New Research Shows Fracking Benefits Local Communities

Tuesday, May 24, 2016

Figure 1.1

A new study from Duke University shows that shale development has been beneficial for local communities across the United States. According to the study, local governments receive revenue from oil and natural gas development through at least six types of taxes, fees, or other payments.

Focusing on 16 of the top producing oil and natural gas states, the researchers spent two years interviewing over 200 local government officials across 61 counties and 78 municipalities, as well as gathering local and state fiscal data. The researchers concluded the shale boom positively impacted a majority of local governments where development took place, including the Barnett Shale. According to the report brief:

“Our research indicates that the net impact of recent oil and gas development has been mostly positive for local public finances.”

Oil and natural gas activity contributes to local governments in various ways. The main sources of revenue from shale development are local property taxes, state severance taxes (a tax on the amount of production), and revenue from leasing on state or federal land. Some states, such as Pennsylvania, use what’s called an “impact fee” to funnel revenues to communities where development is occurring.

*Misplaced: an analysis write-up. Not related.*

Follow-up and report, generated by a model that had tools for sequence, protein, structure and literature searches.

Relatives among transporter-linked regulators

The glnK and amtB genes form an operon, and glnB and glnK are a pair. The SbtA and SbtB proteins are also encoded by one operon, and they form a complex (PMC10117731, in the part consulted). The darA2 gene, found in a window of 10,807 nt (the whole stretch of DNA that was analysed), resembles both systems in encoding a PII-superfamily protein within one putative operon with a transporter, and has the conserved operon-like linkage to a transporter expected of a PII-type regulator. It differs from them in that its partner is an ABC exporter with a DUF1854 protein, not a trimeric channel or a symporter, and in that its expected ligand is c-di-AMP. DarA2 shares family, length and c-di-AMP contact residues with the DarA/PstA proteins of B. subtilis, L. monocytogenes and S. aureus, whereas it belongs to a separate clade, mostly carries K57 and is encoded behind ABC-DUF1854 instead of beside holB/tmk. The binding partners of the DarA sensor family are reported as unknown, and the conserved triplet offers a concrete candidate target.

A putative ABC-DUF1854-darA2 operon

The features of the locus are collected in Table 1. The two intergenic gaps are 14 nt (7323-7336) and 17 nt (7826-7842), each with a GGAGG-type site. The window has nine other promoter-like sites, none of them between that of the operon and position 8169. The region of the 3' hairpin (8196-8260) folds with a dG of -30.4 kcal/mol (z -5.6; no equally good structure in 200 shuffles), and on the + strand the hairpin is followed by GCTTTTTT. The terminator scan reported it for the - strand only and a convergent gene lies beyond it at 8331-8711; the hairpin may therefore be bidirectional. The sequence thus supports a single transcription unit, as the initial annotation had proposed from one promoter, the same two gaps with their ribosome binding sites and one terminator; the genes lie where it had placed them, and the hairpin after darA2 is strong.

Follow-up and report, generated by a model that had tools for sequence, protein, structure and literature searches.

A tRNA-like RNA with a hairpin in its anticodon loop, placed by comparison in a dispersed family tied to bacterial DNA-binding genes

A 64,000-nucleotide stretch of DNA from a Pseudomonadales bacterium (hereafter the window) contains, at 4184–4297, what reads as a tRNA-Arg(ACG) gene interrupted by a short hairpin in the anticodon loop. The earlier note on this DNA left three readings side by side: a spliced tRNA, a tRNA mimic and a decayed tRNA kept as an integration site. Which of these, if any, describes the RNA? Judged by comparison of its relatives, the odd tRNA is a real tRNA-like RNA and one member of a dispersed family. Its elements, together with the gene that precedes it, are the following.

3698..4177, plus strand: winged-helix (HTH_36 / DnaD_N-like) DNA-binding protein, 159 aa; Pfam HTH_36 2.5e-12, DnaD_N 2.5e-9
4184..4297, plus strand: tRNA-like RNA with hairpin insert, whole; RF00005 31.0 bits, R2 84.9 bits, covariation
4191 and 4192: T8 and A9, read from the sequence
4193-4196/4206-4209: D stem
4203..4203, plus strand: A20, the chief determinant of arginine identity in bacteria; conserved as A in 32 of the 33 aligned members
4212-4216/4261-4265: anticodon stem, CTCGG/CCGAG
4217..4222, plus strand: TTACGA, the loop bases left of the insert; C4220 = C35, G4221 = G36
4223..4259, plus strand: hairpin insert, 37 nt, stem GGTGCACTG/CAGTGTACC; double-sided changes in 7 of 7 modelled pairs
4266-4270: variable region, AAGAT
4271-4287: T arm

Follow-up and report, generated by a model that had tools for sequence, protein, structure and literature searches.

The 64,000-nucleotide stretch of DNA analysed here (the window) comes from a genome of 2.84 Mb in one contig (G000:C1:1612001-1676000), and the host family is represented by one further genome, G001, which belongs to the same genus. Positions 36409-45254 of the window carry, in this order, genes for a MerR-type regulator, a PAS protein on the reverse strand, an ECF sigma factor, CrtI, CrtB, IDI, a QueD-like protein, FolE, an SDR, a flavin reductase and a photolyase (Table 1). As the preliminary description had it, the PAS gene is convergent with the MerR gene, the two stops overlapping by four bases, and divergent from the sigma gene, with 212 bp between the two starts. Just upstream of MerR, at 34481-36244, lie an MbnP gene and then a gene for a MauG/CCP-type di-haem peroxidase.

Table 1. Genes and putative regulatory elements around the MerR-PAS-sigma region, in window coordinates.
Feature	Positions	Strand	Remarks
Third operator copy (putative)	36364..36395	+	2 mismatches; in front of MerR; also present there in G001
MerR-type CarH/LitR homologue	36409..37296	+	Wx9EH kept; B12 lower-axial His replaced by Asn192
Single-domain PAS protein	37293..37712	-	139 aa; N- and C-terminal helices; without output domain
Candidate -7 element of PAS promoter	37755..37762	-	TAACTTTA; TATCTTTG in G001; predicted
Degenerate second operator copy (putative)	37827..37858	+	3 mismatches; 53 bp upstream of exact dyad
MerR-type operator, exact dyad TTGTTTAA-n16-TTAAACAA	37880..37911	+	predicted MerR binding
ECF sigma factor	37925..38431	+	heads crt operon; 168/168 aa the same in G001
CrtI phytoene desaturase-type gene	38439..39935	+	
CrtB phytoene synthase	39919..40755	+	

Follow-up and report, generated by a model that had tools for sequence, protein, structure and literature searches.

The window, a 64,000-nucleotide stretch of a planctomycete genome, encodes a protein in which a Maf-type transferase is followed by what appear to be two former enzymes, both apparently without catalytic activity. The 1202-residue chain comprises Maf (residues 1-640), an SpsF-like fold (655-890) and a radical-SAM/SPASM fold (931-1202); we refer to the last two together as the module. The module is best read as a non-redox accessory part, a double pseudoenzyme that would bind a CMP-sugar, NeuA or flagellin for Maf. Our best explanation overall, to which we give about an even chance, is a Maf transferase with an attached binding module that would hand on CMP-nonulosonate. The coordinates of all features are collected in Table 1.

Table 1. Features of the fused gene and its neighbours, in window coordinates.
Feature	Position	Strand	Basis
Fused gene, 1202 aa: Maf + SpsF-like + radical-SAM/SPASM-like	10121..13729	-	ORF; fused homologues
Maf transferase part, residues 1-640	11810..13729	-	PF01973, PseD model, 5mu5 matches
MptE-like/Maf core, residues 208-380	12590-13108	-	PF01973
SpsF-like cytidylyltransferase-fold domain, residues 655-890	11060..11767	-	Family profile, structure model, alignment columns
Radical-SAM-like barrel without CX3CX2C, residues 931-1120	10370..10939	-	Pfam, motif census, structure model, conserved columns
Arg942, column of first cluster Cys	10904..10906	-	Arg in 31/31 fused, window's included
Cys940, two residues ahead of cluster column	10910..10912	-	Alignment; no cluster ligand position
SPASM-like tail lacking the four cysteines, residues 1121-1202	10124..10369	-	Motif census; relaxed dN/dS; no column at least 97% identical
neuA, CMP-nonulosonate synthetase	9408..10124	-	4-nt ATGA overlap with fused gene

Additionally, the increase in population to many areas of oil and natural gas development helped boost sales tax revenue. As the researchers note:

“Population growth and economic activity associated with the industry has supported or boosted sales tax revenue for many local governments, especially municipalities.” 

Much of this revenue goes to fund local school districts. As NTNG has reported, a significant portion of oil and gas revenue in Texas goes to local schools. According to the latest available data, oil and natural gas production yields about $4 billion per year to the Texas education system.  

There are some costs that come with industry-driven growth, though. The researchers point to improving water and sewer infrastructure, road repair, and expanding police and emergency services to meet the needs of a larger population as the three major issues. However, in addition to using oil and gas revenue for these issues, some costs, such as road maintenance, are often mitigated by “in-kind contributions” and collaboration between operators and government to limit the impacts.

As this research shows, shale development not only provides jobs and improves energy security, but also enriches local government, allowing communities to better fund local services to improve their communities. 

Back